Bruins 3 vs. Lightning 1: Post-Game Q&A


It’s no easy task to go into the Eastern Conference champion’s building for their team’s home opener. Last night the Tampa Bay Lightning did just that when took on the Boston Bruins, ultimately falling 3-1 to the biggest, baddest team in the new Atlantic division.

Oct 3, 2013; Boston, MA, USA; Boston Bruins center Gregory Campbell (11) battles with Tampa Bay Lightning center Valtteri Filppula (51) for control of the puck during the first period at TD Banknorth Garden. Mandatory Credit: Bob DeChiara-USA TODAY Sports

It was our first look at the Lightning in Coach Jon Cooper’s mold. Last season, Cooper took over for Guy Boucher with a handful of games remaining, but because of the condensed schedule and limited practice time, Cooper wasn’t able to fully implement his plan and his system. The time was mostly used for evaluation. This year, Cooper’s fully in charge, with a fresh new coaching staff to help him out.

Ultimately, it was the Lightning’s powerplay that failed them. They gave up two shorthanded goals, one via penalty shot, and enough odd man rushes to make your eyes hurt from rolling them. Milan Lucic added a goal at even strength for the B’s, and Valtteri Filppula scored his first NHL goal not in a Red Wings’ uniform for the Lightning.

If you didn’t see last night’s game, but you’ve been following the reaction to it, I’m sure you have a lot of questions. It was an intriguing game to say the least. And I’ve put together a little Q & A (with me playing the part of both questioner and answerer) to help you out.
Q: Was the Lightning powerplay really as bad as I’ve heard?

A: It was probably worse. I try to keep things in perspective (usually) in these articles, and to stay somewhat on an even-keel, and I try to temper both my optimism and pessimism and keep  from getting too dramatic.  With that in mind, here goes: that is the worst I’ve ever seen a powerplay perform in a single game. And I’ve been watching hockey for a long time.

I’ve seen ineffective powerplays and I’ve seen dysfunctional powerplays. Tampa Bay’s powerplay under Guy Boucher was often pretty bad. But last night brought things to a whole new low. I’m not sure if I’ve ever seen a powerplay where the shorthanded team clearly had the offensive advantage. And on a consistent basis.

The Lightning had two long five-on-threes and failed to score on either of them – I’m not too worried about that. At least, I’m not as worried about that as I am the odd-man rushes they gave up, and how confused they seemed while dealing with the odd-man rushes. The end result was two goals against and a lost game. If the Bruins never took a penalty in that game, it would likely have gone to overtime. The Bruins might have been smarter to take more.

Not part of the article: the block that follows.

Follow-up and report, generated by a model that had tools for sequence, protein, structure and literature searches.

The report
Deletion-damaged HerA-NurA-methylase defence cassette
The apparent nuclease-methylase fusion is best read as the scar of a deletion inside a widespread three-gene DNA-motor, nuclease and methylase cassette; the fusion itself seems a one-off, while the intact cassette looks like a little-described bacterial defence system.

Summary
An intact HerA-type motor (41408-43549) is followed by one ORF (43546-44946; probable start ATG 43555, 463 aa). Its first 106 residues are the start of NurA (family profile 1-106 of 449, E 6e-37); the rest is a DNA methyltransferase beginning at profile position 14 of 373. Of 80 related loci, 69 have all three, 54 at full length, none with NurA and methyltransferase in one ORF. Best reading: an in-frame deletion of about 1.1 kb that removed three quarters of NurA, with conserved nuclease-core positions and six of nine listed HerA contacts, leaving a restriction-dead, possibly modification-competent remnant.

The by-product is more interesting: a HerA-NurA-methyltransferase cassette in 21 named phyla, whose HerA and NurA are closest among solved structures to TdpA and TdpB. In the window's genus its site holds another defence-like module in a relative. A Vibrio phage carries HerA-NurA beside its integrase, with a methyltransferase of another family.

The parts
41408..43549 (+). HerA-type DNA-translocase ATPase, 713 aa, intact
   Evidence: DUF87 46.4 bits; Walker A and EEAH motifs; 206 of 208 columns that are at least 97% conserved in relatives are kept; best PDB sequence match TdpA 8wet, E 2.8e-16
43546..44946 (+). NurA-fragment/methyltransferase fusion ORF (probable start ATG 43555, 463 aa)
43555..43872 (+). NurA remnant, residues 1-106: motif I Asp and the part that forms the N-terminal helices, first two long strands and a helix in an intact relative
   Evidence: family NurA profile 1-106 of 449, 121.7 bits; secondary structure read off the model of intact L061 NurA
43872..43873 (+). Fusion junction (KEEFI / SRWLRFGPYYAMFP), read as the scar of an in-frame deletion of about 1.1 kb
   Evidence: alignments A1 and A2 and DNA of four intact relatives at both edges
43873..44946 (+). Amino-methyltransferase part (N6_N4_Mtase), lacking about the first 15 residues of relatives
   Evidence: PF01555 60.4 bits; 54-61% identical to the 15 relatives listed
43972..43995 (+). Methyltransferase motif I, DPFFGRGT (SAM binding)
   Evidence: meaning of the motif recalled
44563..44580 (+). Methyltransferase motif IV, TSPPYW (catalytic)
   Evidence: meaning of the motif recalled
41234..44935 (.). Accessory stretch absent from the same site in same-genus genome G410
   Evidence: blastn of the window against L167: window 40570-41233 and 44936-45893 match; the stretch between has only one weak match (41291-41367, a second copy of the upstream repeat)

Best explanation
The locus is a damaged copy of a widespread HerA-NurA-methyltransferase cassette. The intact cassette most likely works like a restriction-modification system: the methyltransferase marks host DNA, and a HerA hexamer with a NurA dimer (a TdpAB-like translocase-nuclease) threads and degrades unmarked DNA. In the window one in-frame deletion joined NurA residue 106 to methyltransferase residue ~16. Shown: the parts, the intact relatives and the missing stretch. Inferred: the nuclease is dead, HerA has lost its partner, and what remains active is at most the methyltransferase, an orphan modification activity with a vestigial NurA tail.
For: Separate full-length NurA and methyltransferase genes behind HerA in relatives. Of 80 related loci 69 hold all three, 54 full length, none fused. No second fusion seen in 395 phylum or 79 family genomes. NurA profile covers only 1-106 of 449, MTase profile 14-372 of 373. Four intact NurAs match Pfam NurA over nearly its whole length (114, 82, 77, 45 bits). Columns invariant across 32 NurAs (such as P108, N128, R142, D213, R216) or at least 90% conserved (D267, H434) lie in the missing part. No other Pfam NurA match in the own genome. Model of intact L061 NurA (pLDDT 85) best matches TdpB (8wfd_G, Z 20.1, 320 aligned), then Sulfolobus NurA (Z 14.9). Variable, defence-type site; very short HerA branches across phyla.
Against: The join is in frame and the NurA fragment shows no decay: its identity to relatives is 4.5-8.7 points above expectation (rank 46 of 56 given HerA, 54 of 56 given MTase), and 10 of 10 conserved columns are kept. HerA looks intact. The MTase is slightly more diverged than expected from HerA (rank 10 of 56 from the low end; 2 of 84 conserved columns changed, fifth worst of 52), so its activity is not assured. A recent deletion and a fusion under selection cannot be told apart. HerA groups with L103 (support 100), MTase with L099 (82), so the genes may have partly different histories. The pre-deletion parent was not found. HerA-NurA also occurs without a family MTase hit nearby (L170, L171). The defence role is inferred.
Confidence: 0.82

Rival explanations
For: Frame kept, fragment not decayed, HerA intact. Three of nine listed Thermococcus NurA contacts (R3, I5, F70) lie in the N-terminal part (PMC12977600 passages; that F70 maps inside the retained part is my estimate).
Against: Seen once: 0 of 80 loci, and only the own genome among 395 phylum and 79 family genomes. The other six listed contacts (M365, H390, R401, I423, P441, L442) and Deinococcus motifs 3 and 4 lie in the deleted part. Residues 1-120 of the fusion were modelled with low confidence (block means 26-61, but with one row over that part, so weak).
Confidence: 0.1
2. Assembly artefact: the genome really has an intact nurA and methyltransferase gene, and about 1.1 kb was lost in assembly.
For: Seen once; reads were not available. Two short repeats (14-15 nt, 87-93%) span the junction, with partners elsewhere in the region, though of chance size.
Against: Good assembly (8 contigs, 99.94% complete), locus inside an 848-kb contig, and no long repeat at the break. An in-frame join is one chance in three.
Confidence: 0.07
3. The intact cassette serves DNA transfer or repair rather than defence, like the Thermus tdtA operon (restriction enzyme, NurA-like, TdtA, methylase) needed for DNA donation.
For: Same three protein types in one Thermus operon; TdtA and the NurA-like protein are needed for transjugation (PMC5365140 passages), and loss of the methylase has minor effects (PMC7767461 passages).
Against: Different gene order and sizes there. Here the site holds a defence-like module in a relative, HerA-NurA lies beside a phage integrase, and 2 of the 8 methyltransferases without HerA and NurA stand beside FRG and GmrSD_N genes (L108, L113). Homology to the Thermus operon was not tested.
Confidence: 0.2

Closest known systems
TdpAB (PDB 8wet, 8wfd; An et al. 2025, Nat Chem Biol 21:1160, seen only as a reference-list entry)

Q: How worried about the powerplay are you?

A: On a scale of 1-10? Maybe about a 2. I’m willing to believe last night’s powerplay performance was more of a freak occurrence that anything.

I’ve been wishing for a long time that the Lightning would stop using four forwards on the powerplay, and I think that was a lot of last night’s problem. For one thing, Victor Hedman needs some powerplay minutes if we want him to ever develop into a powerplay quarterback. For another, it takes a specific type of forward to play the point on the powerplay, and the Lightning don’t have one.
Q: Give it to me straight. How bad did the team look?

A: Honestly, not bad at all.  The positives far outweighed the negatives. The Lightning hung tough with the Bruins and probably outplayed them in two out of three periods.

The biggest positive from the game was the Lightning played like a unit. There wasn’t a lot of the “five individuals scrambling for a puck” that we saw in the last two seasons.

But really, it all comes down to what your expectations are for the Lightning this year. If you want them to win a cup, well, I’m sorry to be the bearer of bad news. If you want them to make the playoffs… maybe, but it’ll take a lot of luck. The truth is the NHL clipped the Lightning’s hope of a playoff berth significantly with its new realigned divisions. But hey, we can still hope for a Cinderella story.